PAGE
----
The glossy skyscrapers of hot and humid Chongqing in southwest China tell a modern story. Yet this bustling and mountainous city with a population of over 13 million is also known as a stronghold of one very traditional aspect of Chinese culture – the bangbang.
Bangbang is the name given to the manual laborers who still operate here today, helping deliver heavy loads without the aid of modern vehicles or technology. The term bangbang means "pole" in the local dialect and refers to the tool that these men (and a few women) used to transport packages.
While the profession has disappeared from most of China, Chongqing's winding and multi-tiered roads are cited by locals as the reason why the bangbang still works here. Big delivery trucks would struggle to go through this labyrinth.
Even so, bangbang numbers are shrinking. At their height in the 1990s, there were 200,000 to 300,000 bangbangs in Chongqing. But almost three decades later, there are only a couple of thousand left, doing this backbreaking work.
One of them is 49-year-old Zhou Zhaoping. He came to downtown Chongqing 10 years ago, with a dream of becoming an actor. Having given up a well-paid job in the hotel industry in the countryside, he soon found himself left with just 10 yuan in his pocket. He explained that he used the money to buy the very pole that is the source of his livelihood a decade later.
"Being a bangbang is like being a beggar. Who recognizes your value?" said Zhou, adding, "Some people think they can look down on me because they're rich, but they're wrong. A bangbang is just a normal person like you."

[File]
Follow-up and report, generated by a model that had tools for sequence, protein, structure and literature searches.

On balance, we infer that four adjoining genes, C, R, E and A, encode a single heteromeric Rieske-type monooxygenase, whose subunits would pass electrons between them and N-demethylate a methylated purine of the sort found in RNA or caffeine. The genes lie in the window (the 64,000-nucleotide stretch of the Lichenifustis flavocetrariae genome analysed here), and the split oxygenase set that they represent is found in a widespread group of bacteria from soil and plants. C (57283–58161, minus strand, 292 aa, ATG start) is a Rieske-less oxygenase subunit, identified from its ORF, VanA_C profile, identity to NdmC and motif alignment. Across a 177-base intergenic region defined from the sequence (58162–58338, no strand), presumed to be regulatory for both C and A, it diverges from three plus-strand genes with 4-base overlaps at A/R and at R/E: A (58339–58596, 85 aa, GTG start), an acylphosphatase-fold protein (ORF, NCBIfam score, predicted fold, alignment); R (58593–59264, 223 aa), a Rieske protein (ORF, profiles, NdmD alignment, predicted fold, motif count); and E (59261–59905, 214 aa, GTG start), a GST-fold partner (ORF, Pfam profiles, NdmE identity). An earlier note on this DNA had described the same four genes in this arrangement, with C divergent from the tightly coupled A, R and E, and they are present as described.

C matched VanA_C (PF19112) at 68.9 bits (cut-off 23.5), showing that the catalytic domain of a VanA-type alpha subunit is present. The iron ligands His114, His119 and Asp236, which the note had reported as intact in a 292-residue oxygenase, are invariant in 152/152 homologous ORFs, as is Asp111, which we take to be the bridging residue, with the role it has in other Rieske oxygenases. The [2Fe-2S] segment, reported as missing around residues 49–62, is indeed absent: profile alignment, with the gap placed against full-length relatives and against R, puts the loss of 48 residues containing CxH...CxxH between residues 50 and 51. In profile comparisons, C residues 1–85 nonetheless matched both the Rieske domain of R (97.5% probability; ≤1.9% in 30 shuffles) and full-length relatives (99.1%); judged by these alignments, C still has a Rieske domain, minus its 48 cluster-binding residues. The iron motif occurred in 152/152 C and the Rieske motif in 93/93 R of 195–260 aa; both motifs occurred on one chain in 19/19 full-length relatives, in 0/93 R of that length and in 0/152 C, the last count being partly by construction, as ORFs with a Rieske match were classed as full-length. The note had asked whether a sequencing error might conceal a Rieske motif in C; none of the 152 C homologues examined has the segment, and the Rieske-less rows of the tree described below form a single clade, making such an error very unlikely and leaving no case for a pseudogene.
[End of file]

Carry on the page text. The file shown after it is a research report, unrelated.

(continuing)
However, working as a bangbang doesn't allow Zhou make enough money to feed himself, and he has to find other ways to boost his income. One of them is doing odd jobs at construction sites, such as laying cables.
He shares a flat with five other people, where his room measures roughly 10 square meters. When Zhou is at home, this is the place where he dreams. He has always wanted to become an actor. Since he moved to Chongqing, he has landed some odd acting jobs portraying a bangbang on screen. However, the movie industry is fickle. He usually kept waiting all day just for a single scene, but in the meantime, losing potential income from other work. Despite the difficulties, he remains optimistic.
"I'm 49. I've been a bangbang for 10 years," he said. "If I don't make money at present, what will my future be? I want to live a good life. I won't be a bangbang forever, and I won't go back to the countryside. I'll move forward to my goal."
Rediscovering China is a 30-minute feature program offering in-depth reports on major issues facing China today. It airs on Sundays at 10.30 a.m. BJT (02.30 GMT), with a rebroadcast at 11.30 p.m. (15.30 GMT), as well as on Mondays at 8.30 a.m. (00.30 GMT) and Fridays at 1.30 p.m. (05. 30 GMT).